I- "Personal" Data Protection
The volume of data collected in the Metaverse will be infinitely greater than the already immense amount of information processed by users of large social networking platforms. What will be the legal limits for the processing of data that will now also be from your body language to your physiological responses. What will be, and IF there will be, a point for the permission of the processing and sharing of this data? Or can the data collected from Avatars be considered "personal data"?
II - Intellectual / Industrial Property
Another issue will be intellectual property. In the case of the creation of "skins", figures, emblems, inside the Metaverse will belong to whom? Metaverse platform, Avatar, Avatar owner?
Usually, Courts and the Copyright Office generally deny records of works not created by humans, meaning that an (AI) system cannot be named as the inventor of a patent. If such creations are considered AI creations and not human creations, certain types of intellectual property protection may not be permitted.
III - Personality Rights as Honor / Image / Privacy
To interact on the Metaverse platform the user will need to use an Avatar. A virtual representation of yourself. In the hypothetical situation of, within this environment, users, represented by their Avatars, incurring offenses, the questions that will need to be answered are:
1. Honor, Image, and Privacy are very personal rights. How will "unwanted" interaction between Avatars be handled?
2. Considering the time a user will spend on the platform through their Avatar, could we say that the Intimacy of this is Inviolable?
III - Validation of Contracts / Civil
One of the bets of this new world is to facilitate business in virtual environments. Meetings with "avatars" of CEOs of various companies, in different parts of the world, can be held at the same table and virtual environment, also on the purchase and sale of real estate and virtual land. Will contracts "signed" within the Metaverse be valid outside of it? Who will be the certifying and validating authority of these documents?
As you can see, these are just some of the many questions that comes from this new reality, that our legislators smust be thinking about how legalize it.
Host: What have been the biggest difficulties that small businesses and startups face with to be compliant Data Protection laws?
EdVânia: The greatest difficulty of these small companies is the lack of financial resources. The eternal dilemma about manages the scarce resources and complying with the large demands coming from the market and laws.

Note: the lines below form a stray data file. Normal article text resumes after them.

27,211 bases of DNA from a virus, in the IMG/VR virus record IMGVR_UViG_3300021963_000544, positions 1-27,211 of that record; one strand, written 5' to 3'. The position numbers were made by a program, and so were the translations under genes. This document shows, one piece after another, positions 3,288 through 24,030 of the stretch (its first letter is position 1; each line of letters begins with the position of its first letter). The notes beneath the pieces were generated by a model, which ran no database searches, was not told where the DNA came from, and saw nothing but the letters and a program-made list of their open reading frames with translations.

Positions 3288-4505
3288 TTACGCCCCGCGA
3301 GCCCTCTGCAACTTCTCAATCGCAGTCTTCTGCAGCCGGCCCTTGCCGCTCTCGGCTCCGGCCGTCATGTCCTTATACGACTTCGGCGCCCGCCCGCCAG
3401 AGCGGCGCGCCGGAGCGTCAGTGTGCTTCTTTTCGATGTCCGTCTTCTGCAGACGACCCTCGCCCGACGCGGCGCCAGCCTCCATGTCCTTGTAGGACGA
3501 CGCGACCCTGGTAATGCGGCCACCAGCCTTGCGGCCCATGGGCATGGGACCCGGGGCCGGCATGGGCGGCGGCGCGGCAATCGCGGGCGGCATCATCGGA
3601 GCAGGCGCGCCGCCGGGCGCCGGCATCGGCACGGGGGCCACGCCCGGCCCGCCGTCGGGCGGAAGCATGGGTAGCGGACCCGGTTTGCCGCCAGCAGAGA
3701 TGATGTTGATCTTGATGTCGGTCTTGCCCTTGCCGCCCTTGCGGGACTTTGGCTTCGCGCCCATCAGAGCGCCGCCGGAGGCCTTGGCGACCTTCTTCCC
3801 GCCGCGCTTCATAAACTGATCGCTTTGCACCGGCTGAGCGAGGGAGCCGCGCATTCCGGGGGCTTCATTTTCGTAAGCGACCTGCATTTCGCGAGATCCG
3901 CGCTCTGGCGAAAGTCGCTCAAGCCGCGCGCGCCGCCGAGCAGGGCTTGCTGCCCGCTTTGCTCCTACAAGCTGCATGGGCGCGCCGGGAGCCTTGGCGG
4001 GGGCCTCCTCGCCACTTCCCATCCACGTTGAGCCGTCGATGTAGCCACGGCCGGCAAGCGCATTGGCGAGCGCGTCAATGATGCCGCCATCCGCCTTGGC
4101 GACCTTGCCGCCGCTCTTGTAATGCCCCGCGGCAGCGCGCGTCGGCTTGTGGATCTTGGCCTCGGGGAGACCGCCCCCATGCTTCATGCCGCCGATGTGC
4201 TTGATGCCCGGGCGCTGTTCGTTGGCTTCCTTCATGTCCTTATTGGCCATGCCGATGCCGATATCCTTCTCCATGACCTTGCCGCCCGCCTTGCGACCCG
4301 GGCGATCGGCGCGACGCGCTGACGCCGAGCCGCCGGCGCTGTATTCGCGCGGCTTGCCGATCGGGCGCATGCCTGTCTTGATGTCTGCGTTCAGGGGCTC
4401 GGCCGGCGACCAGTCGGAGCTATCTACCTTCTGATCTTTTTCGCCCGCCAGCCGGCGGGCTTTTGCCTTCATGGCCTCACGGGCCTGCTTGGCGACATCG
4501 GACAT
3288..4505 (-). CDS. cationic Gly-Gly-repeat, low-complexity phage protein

Some of my clients are startups in the health business, that deal with sensitive data. Beside that, they are also located in several countries, such Europe, with a strict and advanced data protection culture and others, like UAE and Saudi Arabia, which until yesterday, they didn’t even have laws about it, and suddenly they incorporated it in the legal system, given only 6 months as vacattio legis to be compliance, despite incurring heavy fines and even jail, like in Saudi Arabia, which includes 2 years in prison for those who cause harm by leaking sensitive data.
Eventually, some of these startups transfer sensitive data between countries, and these transfers must be made following data protection laws and knowing about the nuances resulting from those different laws. Adapting this companies to that has been a challenge that requires from professionals who advise them, a constant and holistic learning of the various legal environments, it is worth saying, that it is not enough just to understand GDPR for example, it is necessary to specialize in LGPD, PDPL, HIPPA etc., looking at the small nuances of each law and how to integrate international companies to each individual legal system x countries with lack of data protection laws... As you can imagine, this professional, so well prepared, who invests a lot in his training and software that helps them in the integration of compliance in all these laws, cost dearly, and how do startups pay it?!
Host: What are the possible solutions to mitigate such difficulties?
EdVânia: Thinking about this problem, our team has developed a manual that had allowed the small business owner to use their own needs. Our company plat form contains all the documentation templates necessary for the correct adequacy of data protection laws. We are trying get process and tools to our customers, supporting them in their business.